Ross McDonnell, Convenor, NPA Landscape Conservation Forum
The NPA’s Landscape Conservation Forum (LCF) recognises the challenge ahead for NSW if it is to make an equitable contribution to the evolving Commonwealth Government policy of achieving ’30 by 30’. Articles in this Journal by WWF’s Dr Stuart Blanch and NPA’s Dr Ross Jeffree focus on the National Reserve System and the supporting economic context, but a considerable challenge exists on how NSW develops and implements a suitable response.
Broadly speaking, it will come down to what types of protection and management measures will be counted as contributing to a 30% target, and will there be a coordinated NSW approach?
For NPA a consideration is how does it focus its advocacy role in support of ’30 by 30’. The LCF, in considering this, has focused on promoting a broadening of the IUCN’s protected area classifications to include areas (land and waters) where the rehabilitation and restoration of natural values is required. The ’30 by 30’ target can also be legitimately met if it includes appropriately managed Crown Lands such as travelling stock routes, road reserves or verges with known natural values, and Indigenous Protected Areas (IPAs). In addition, a significant contribution would occur if NSW followed Victoria and Western Australia and ceased forestry in native forests and those areas were transferred to NPWS management.
Where this comes together for NPA is in the soon to be finalised NPA Strategy 2022-2028 which would provide a platform for what NPA works towards.
A key concept directly related to ’30 by 30’ is how would the CAR principle (comprehensive, adequate, and representative) be relevant. The context is that the NSW NPWS uses CAR in its Reserves Establishment Plan 20081 and Draft National Parks System Directions Statement 20172 and it is a primary factor in how the NPA Western NSW project develops. CAR is a very useful tool in identifying the values that should be in a protected area network. It is also useful when analysing progress in creating protected areas, in that, a comparison of each bioregion allows for future protection measures to be targeted to particular (underrepresented) bioregions.
The background here is that while nationally the ’30 by 30’ target in nearly achieved3 we are not close to achieving it in NSW. The reality is that both nationally and in NSW we have a skewed outcome. Regardless of if you measure the outcome based on a gazetted protected area network or add in other legitimate measures such as IPAs and crown lands, the current outcome in NSW varies significantly between bioregions and will continue to do so under current NSW arrangements.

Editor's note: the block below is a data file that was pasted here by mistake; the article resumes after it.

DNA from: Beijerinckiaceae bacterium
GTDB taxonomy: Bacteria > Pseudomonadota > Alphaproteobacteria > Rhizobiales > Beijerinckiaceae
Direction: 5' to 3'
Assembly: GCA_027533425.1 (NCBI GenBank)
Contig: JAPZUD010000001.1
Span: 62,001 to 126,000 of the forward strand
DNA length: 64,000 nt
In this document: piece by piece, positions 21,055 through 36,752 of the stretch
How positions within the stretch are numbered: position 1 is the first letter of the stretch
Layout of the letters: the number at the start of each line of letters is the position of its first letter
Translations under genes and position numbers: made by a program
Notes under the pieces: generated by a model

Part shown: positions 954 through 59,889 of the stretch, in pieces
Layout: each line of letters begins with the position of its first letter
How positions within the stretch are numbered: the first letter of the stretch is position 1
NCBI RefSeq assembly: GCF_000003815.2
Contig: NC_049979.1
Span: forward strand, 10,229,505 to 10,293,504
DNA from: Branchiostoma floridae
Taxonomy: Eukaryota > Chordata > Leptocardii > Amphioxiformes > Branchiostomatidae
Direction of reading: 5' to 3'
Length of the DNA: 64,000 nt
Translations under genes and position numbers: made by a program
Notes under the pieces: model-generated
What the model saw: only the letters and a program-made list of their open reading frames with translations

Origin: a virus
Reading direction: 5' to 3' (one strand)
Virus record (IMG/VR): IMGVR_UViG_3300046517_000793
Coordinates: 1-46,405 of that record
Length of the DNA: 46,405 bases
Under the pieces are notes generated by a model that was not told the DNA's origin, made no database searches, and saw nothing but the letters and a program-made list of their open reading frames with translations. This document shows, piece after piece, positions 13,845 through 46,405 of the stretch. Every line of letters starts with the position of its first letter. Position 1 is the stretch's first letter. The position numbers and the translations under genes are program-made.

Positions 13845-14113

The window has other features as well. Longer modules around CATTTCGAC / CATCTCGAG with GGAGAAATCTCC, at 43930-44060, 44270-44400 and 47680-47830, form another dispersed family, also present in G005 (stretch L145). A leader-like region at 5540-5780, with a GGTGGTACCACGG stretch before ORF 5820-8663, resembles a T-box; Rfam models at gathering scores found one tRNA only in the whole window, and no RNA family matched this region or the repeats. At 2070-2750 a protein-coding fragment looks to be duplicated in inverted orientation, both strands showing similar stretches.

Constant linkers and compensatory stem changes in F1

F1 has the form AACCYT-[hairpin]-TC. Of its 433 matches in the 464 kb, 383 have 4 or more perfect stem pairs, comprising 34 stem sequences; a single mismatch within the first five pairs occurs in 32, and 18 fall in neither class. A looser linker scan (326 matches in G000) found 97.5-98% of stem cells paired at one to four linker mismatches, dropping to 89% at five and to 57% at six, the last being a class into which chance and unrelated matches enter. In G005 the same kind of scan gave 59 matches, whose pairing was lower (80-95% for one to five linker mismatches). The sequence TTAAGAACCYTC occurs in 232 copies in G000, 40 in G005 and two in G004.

Examples of bioregional variations in NSW is that some coastal and mountain bioregions have a well in excess of 40% protected area network (NPWS managed) coverage. Recent NSW acquisitions in north western NSW has resulted in those bioregions now having over 15% coverage. Contrast that with other bioregions in south western and central NSW which have less that 5% coverage.
Another context item is that it has taken NSW 150 years to develop a gazetted protected area network which is now 9.5% of terrestrial NSW and 7% of NSW waters, meaning there is 8 years left to achieve another 20% to 23%. The 7% for NSW waters refers to the sanctuaries within the marine reserves. Recent research indicates that it is only the sanctuaries which deliver a conservation outcome.
The NPA LCF firmly believes that ’30 by 30’ will only be achieved via a combination of outcomes being: continuing the application of CAR principles in focusing attention on underrepresented bioregions; adding in legitimate contributions from IPAs and other sympathetically managed outcomes (see Bush Heritage and Nature Conservancy outcomes); adopting an approach where lands are managed for eventual IUCN classification status but where a real short to medium term commitment for rehabilitation and restoration is required (apply restoration ecology actions); and where a scheme for funding landholders to protect and manage natural values is formally established.
Returning to the key questions posed (see 2nd paragraph above), it can be argued that an approach to identify the lands and waters needed to meet the ’30 by 30’ challenge can be achieved. The outstanding question is will NSW get there by the numerous parties involved working separately, or will a NSW Government attempt to provide a coordinating framework?
NPA (LCF) calls on the NSW Government to develop a draft policy on how it believes ’30 by 30’ can be achieved, undertake a community consultative process, and implement a final policy inclusive of establishing a coordinating framework. A commitment to annual reporting on progress over the next 8 years would be a welcome first step.
NSW National Parks Establishment Plan 2008, Department of Environment and Climate Change, 1 August 2008. New South Wales National Parks Establishment Plan 2008
Draft NSW National Parks System Directions Statement, Office of Environment and Heritage, 17 November 2017. Draft National Parks System Directions Statement
The Conservation, “Protecting 30% of Australia’s land and sea by 2030 sounds great – but its not what it seems”, Benjamin Cooke, Adrian Davison, Jamie Kirkpatrick, and Lillian Pearce, July 29, 2022. Protecting 30% of Australia’s land and sea by 2030 sounds great – but it’s not what it seems